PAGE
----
Trade Policy, Regulation Biggest Challenge for State’s Exporters
Trade policy and regulation is the single greatest challenge for Connecticut exporters, according to a new survey released today.
CBIA’s 2017 International Trade Survey of Connecticut Businesses found 40% of exporters are challenged by government policy and regulation, followed by international competition (23%), overall costs (20%), and cultural differences (12%).
CBIA economist Pete Gioia said improving tax policy—including preserving tax incentives that not only offset some of the costs of doing business, but also encourage companies to invest here—could go a long way toward making Connecticut a better state for exporters.
“This survey shows that there are numerous Connecticut companies with a significant part of their business dedicated to exporting,” Gioia said.
“The challenge for the state is to encourage more businesses to get involved in exporting, as well as grow participation for occasional exporters.”
Connecticut companies exported $14.4 billion in goods and services in 2016, or 1.5% of total U.S. exports. Connecticut companies exported $14.4 billion in goods and services in 2016, or 1.5% of total U.S. exports.
Since CBIA’s first international trade survey in 2007, the number of Connecticut companies engaging in exporting has risen sharply—from 53% to 77% over a 10-year period.
The largest foreign markets for Connecticut exporters are North America (73%), Western Europe (63%), and Northern Asia and the Pacific Rim—China, Japan, and Taiwan (51%).
North America regained its position over Western Europe as the largest foreign market since the last survey in 2015.
Connecticut companies exported $14.4 billion in goods and services in 2016, or 1.5% of total U.S. exports.
- While 98% of respondents have websites for their goods and services, 76% acknowledge their website is not capable of processing international orders
- Connecticut’s top three export categories are transportation equipment, machinery, and computer and electronic products, sold primarily to France, Germany, and Canada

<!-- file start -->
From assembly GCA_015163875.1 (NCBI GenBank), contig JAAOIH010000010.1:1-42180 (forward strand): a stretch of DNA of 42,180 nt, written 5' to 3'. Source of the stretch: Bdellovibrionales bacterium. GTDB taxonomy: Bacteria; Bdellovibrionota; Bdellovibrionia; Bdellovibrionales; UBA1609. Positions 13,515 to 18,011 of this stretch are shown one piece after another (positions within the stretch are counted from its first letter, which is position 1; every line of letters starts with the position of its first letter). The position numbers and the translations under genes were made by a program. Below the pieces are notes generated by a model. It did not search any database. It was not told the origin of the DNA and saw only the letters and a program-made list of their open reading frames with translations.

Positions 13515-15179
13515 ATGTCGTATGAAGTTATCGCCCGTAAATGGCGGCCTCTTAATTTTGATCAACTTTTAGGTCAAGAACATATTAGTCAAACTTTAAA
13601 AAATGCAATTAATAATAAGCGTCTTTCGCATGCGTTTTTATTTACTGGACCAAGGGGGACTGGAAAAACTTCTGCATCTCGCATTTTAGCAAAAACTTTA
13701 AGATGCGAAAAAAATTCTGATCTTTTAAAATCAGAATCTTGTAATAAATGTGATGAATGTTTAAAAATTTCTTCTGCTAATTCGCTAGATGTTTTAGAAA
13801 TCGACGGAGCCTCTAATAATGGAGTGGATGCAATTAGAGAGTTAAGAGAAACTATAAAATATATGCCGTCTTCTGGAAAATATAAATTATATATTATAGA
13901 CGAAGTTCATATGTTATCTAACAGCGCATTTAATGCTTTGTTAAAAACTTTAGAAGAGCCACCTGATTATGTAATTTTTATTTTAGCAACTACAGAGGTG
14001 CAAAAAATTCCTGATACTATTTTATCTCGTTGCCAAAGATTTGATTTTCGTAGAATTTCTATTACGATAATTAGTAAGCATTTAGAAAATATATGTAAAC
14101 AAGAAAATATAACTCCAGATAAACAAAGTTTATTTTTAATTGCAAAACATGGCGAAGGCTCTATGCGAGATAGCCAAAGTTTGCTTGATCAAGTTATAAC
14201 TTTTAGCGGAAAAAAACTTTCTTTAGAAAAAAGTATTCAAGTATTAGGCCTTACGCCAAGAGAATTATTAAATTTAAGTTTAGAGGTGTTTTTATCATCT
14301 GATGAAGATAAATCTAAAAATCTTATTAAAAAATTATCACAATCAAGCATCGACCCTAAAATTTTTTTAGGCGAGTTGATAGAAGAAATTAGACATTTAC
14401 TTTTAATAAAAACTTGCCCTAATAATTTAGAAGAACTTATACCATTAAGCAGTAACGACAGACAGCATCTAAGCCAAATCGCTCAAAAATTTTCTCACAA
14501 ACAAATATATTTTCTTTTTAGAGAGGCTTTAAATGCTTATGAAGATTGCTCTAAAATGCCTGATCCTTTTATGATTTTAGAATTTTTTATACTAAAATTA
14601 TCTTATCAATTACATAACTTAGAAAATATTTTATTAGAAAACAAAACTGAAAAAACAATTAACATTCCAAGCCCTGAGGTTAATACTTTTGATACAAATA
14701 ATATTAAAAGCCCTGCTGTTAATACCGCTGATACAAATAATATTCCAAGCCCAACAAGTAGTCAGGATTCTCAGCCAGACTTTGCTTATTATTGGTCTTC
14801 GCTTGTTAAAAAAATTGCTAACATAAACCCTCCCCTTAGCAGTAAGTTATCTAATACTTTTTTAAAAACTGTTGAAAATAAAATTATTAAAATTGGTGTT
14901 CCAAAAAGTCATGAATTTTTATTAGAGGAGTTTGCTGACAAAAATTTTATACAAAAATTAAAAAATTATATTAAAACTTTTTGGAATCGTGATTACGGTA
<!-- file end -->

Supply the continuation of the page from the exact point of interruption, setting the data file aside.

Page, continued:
- One-third of non-exporting respondents reported they are interested in trading to foreign markets
- 36% believe involvement in international trade is possible for their businesses within the next two years
- Businesses identified lack of knowledge and experience (32%) and the costs of exporting (27%) as the biggest barriers to entry
After this survey was distributed, the Trump administration withdrew the United States from the Trans-Pacific Partnership agreement, which continues today without U.S. participation.
In 2015, 79% of businesses believed the TPP agreement, then under negotiation, would be beneficial for trade. The impact of the U.S. withdrawal from the TPP on Connecticut exporters is yet to be seen.
Gioia said exporting continues to be vital to the state's economy and its long-term prosperity, spurring economic growth and creation of jobs here in Connecticut and nationwide.
While most Connecticut exporters are veterans in international trade, the survey shows both exporters and non-exporters would benefit from help to expand into the global marketplace.
"Untapped potential remains for the state’s leading job creators—small and midsize businesses—to enter new global markets, increase their share of U.S. exports, and compete for customers based outside our nation's borders," Gioia said.
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